Calcutta, Dec. 3: The Opposition today made a robust charge on the government over frailties in the healthcare system, triggering a furore in the Assembly that ended with slogan-shouting Trinamul Congress MLAs staging a walkout and the health minister unveiling a new cadre to administer state hospitals.
The Assembly passed the West Bengal State Health Service (Second Amendment) Bill, 2003, to create a new cadre — the public health-cum-administrative service — in the health service.
At present, there are two cadres, the Medical Education Service for teaching doctors and the West Bengal Health Service for medical officers. Moving the bill, health minister Surjya Kanta Mishra said doctors who join the new service will look after the administrative affairs in hospitals.
Doctors in the different services may opt for the new service, which are non-practising posts. In that case, they will be offered a special pay package including three to six increments.
Trouble started earlier as soon as Speaker Hashim Abdul Halim entered the House. Almost all the Congress and Trinamul Congress legislators jumped to their feet and began raising slogans against poor treatment facilities. Some Trinamul MLAs rushed to the well of the House and demanded Mishra’s resignation.
Trinamul legislator Saugata Roy asked the minister what action the government has taken to treat emergency patients brought to the medical colleges. He also sought a list of steps his department has taken to improve infrastructure and provide better services to the patients.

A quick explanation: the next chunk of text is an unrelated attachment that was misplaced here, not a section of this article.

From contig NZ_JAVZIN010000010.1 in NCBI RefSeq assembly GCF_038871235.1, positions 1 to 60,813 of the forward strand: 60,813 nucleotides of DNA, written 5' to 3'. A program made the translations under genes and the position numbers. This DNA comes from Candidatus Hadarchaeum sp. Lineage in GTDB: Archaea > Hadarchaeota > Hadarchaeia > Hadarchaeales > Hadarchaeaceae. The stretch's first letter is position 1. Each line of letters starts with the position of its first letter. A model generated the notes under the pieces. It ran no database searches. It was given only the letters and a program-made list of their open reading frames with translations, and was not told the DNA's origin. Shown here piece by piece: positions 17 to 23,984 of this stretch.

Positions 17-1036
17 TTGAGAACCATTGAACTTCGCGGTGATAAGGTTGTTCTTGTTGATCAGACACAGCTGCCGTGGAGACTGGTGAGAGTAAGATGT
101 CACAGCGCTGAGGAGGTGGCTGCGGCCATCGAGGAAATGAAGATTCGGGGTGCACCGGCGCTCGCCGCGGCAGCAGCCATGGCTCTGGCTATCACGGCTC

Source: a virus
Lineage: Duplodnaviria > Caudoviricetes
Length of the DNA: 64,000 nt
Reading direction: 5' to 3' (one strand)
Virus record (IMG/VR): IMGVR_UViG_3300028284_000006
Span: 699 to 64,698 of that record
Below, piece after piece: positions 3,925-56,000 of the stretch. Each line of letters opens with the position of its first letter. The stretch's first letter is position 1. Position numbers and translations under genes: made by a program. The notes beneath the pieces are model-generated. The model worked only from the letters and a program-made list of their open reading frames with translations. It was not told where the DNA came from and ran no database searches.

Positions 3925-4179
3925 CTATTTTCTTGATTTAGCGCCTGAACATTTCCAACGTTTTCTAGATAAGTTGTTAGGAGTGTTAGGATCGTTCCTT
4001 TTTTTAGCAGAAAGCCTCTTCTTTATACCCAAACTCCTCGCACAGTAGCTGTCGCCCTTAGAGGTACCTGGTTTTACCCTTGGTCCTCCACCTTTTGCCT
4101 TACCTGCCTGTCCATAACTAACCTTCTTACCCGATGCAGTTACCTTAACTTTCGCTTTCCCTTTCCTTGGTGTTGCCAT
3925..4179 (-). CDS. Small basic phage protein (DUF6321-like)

Roy’s colleagues Ashoke Deb, Sonali Guha and Paresh Pal, as well as Congress chief whip Abdul Mannan, also demanded that Mishra quit over his failure to reach basic healthcare to the people.
The legislators were also vocal against the government’s move to restrict journalists from hospitals and ban rallies and protests on clinic premises.
The Trinamul MLAs walked out of the House after the Speaker rejected an adjournment motion brought by them on the “dismal healthcare system in the medical colleges’’.
The minister, who was silently watching the Opposition members, suddenly said: “You will not be benefited even if I resign.”
He told the House that the health department has issued an order to set up observation wards in all the medical colleges to provide treatment to emergency patients. He said it would take some time to set up such wards in all the medical institutions.
Mishra tried to pacify the agitated Opposition legislators saying the government has already taken up several projects to improve infrastructure and healthcare services.
He clarified that the government did not impose any ban on rallies inside hospitals.
“We discourage any kind of agitation inside the hospitals as it affects the patients and normal service is disturbed. We did not restrict entry of journalists, we have only requested them not to enter the wards without notice or permission,” Mishra said.
The Centre has sanctioned Rs 50 lakh each for development of the seven medical colleges in the state, director of medical education C.R. Maity said. The money will be used to upgrade the treatment facilities of mental patients.